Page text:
Magazine article The Christian Century

Why We Wassail

Magazine article The Christian Century

Why We Wassail

Article excerpt

THE NIGHT WAS so cold that neither of our dogs dared leave their warm dens--even though they were certainly listening, and undoubtedly wondering what on earth the ragtag group of humans was up to out in the frigid midnight air. The answer, in a word: wassailing.

In addition to being the season of resolutions, January is the season of wassailing. In Europe and early America, Twelfth Night was the traditional night for wassailing.

But I'm getting ahead of myself. The truth is that I knew next to nothing about wassailing until two of my sisters got into the organic fruit growing business. Before that, my knowledge was limited to what I could glean from the 19th-century carol "Here We Come A-wassailing."

But that sort of wassailing--house-to-house caroling with an element of trick-or-treat thrown in--is relatively recent. The word and the tradition are much older. And although they have gone through changes, what has not changed is that this ritual takes place in deepest, darkest winter, and expresses gratitude to the plants and animals who provide us with sustenance, a sort of interspecies enactment of the golden rule.

As organic farmers, my extended family and I also feel gratitude to the plants and animals that sustain us. And we seek to understand and enhance the mutually beneficial relationships between plants, animals, fungi, and microbes, knowing that if they are happy and healthy, so our fruit and vegetables, and our family and customers, will be too. And so for over a dozen years we have carried on the ancient wassailing tradition, and each year learn more about its history and meaning.

It turns out that the word wassail comes from an ancient Saxon greeting of roughly a thousand years ago: Woes pu heel, "be thou hale," or more colloquially, "be in good health," used for both "hello" and "goodbye." By the 12th century, a contraction of the ancient greeting had become the salutation offered as a toast, Wees heel. Over time, the two Saxon words merged to become the English word wassail, and the meaning changed to refer to the drink itself, often a hot spiced wine, beer, or cider, fortified with brandy, whiskey, or whatever stronger spirits were at hand.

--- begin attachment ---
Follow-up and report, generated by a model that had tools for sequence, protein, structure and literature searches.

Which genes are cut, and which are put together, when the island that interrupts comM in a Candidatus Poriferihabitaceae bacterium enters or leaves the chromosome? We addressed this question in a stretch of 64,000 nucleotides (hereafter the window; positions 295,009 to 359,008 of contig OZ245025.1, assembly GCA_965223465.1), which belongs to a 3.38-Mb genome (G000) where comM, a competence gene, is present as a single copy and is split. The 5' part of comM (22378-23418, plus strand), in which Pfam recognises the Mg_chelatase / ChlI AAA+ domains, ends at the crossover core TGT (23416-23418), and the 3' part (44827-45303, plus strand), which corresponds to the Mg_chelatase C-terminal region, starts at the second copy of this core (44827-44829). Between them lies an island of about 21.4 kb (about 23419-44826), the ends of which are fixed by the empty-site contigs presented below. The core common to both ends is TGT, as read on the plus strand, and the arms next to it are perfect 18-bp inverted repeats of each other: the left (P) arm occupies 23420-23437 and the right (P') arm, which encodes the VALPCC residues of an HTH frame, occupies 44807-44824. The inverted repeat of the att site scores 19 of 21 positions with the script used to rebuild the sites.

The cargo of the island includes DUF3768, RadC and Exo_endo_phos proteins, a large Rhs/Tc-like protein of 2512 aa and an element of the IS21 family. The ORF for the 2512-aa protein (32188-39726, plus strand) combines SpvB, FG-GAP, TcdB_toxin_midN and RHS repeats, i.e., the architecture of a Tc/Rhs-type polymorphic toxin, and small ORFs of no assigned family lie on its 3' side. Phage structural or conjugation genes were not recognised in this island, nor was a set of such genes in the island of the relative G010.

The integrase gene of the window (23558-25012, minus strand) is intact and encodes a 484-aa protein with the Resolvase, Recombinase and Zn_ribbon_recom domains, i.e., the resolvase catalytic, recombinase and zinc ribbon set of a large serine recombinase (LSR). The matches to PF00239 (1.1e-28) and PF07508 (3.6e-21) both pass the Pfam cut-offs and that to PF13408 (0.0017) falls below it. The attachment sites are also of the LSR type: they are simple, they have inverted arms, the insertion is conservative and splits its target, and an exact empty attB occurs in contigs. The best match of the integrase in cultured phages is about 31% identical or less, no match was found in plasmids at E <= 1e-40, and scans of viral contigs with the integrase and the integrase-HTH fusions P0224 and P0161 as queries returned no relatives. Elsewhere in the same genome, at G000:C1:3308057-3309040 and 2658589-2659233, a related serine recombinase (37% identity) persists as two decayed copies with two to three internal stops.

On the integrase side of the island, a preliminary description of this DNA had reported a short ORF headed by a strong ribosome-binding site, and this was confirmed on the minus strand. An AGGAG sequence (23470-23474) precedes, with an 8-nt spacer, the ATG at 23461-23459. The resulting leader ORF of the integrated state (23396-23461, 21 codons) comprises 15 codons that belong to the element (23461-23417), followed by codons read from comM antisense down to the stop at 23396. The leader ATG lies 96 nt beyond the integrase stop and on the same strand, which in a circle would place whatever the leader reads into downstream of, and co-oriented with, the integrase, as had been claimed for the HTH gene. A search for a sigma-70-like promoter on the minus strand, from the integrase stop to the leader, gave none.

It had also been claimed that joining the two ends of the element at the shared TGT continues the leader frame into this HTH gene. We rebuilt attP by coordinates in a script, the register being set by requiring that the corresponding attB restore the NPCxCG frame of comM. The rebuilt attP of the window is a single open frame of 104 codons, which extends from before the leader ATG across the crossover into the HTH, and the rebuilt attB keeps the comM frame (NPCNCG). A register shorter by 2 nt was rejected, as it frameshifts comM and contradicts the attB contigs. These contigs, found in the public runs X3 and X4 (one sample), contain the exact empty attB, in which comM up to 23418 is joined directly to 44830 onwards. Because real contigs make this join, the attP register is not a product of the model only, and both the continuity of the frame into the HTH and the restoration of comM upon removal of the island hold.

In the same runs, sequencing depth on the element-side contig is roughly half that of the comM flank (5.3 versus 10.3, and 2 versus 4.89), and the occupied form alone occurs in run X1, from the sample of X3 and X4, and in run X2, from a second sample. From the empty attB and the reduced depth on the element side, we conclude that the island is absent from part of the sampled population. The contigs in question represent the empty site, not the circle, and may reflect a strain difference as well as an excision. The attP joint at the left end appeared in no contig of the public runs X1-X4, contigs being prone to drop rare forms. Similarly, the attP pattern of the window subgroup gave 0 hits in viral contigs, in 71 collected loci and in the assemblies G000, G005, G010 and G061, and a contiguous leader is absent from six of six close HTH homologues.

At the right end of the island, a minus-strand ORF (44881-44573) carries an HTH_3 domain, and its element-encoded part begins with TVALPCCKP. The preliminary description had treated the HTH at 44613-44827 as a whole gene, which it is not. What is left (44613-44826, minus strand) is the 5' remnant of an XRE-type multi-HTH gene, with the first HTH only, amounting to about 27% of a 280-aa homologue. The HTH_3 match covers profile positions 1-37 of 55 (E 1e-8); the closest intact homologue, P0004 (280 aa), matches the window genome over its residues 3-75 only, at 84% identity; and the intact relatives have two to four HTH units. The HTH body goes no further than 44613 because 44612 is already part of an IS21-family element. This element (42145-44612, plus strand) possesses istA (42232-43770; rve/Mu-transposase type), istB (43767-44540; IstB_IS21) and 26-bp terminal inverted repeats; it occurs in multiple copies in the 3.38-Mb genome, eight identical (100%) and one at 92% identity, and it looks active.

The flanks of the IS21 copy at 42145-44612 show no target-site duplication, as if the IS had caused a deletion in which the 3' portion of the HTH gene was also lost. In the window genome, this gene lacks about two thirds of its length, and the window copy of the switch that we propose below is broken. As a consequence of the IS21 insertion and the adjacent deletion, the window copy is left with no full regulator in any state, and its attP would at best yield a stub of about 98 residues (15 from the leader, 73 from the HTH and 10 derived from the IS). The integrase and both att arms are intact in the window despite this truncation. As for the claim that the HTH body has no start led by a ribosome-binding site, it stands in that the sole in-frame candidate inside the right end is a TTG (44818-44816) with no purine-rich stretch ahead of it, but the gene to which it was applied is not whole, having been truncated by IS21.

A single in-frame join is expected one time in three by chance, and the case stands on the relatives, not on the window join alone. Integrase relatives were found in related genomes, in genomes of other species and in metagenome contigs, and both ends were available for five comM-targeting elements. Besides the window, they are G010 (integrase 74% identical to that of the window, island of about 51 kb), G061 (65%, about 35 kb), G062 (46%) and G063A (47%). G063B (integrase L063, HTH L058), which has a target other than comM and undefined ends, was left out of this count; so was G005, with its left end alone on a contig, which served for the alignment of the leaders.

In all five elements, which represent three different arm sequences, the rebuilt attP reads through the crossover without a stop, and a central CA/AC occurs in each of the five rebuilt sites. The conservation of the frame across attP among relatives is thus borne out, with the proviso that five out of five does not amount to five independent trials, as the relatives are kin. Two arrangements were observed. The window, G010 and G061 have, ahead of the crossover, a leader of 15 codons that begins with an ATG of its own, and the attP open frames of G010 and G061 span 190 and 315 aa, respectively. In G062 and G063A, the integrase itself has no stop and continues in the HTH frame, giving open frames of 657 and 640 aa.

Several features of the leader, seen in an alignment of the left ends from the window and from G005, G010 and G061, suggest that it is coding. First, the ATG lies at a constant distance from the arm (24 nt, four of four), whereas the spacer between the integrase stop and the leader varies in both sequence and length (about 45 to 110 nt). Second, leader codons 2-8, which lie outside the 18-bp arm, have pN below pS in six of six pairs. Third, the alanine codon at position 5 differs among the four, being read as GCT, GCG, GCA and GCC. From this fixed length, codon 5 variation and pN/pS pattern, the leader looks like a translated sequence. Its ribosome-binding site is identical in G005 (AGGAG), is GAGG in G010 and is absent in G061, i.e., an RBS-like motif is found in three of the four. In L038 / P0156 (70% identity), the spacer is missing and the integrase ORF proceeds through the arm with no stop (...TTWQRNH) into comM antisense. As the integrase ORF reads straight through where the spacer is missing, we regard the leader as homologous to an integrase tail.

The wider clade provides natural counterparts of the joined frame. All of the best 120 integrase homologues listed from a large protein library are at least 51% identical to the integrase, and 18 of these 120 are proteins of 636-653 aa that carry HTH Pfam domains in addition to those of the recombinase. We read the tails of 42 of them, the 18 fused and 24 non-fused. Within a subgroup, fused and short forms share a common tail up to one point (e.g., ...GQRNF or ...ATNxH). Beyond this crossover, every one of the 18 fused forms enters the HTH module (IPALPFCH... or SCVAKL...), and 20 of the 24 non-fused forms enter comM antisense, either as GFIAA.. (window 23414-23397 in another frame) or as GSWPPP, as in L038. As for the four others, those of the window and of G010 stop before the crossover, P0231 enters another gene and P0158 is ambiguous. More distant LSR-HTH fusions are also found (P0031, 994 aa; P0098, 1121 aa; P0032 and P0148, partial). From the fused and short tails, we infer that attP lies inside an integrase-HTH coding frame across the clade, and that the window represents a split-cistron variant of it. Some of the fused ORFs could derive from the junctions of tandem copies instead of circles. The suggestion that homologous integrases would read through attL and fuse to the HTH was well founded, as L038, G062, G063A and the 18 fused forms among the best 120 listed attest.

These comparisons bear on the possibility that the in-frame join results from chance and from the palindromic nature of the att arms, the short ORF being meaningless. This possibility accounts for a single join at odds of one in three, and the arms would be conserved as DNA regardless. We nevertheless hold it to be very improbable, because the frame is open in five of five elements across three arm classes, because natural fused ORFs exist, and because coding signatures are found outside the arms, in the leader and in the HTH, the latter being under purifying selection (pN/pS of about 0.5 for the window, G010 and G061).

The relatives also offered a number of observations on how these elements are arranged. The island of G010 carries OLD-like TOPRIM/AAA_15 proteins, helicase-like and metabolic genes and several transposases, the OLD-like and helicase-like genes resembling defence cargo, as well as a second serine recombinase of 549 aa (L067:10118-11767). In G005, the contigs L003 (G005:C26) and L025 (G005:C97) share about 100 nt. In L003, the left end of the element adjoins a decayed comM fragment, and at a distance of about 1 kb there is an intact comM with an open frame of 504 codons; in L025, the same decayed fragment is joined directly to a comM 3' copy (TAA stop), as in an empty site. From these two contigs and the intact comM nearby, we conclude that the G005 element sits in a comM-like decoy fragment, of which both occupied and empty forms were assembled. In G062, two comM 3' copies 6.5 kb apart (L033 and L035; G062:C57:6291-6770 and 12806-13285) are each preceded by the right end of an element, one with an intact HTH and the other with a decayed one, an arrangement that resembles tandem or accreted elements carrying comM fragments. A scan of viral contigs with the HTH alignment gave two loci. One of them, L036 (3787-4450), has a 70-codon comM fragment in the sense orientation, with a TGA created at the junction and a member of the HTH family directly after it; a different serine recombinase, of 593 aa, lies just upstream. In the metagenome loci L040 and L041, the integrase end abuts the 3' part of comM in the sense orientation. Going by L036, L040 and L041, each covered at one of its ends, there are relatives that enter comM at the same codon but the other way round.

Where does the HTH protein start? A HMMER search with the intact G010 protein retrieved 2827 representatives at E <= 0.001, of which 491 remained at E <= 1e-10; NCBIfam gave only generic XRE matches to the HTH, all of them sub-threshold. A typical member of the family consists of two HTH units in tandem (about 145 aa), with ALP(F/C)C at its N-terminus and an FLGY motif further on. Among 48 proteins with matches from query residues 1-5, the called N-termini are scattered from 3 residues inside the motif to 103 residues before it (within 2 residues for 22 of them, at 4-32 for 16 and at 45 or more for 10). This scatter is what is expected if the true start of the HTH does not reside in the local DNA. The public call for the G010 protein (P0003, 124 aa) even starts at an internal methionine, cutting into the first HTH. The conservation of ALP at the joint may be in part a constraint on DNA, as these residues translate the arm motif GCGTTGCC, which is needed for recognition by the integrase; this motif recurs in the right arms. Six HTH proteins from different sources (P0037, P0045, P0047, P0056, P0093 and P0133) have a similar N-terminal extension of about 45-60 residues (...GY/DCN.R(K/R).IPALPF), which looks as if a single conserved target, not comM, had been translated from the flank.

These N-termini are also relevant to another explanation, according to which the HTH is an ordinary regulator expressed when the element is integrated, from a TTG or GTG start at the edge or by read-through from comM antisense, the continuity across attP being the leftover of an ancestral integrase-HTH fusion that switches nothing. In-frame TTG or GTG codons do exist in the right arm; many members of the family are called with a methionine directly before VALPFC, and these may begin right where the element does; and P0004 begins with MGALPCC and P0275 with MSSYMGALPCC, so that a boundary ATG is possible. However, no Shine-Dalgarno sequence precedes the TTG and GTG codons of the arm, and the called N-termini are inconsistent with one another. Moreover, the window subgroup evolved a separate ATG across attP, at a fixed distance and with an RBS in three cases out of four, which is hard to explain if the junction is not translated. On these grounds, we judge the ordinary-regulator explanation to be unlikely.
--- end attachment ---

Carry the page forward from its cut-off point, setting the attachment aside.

The wassailing tradition, however, predates even the word. While doing her winter reading, my sister Teresa found many versions of our mid-winter's night trek to the orchard. People all across northern Europe would brave the cold to go from field to field, stall to stall, and tree to tree, offering each plant and animal a drink in gratitude for past nourishment, and in hopes of future health and fertility. At some point, the ancient tradition merged with the word wassail, which also became a verb, as in Robert Herrick's poetry collection Hesperides (1648):

   Wassaile the trees, that they may beare
   You many a Plum and many a Peare:
   For more or lesse fruits they will bring,
   As you do give them Wassailing.

Other observers of the wassailing ritual pointed to a similar understanding of reciprocal relationships and interdependency. In medieval England, an observer wrote of the local farmers: "They go into the Ox-house to the oxen with the Wassell-bowle and drink to their health." Why? Because healthy beasts to work (and fertilize) your fields will lead to a good harvest, which will sustain you, your family, and your community.

Some 200 years later, Henry David Thoreau, in his essay "Wild Apples" (which appeared in the Atlantic in 1862), describes the wassailing tradition in Devonshire, England. …

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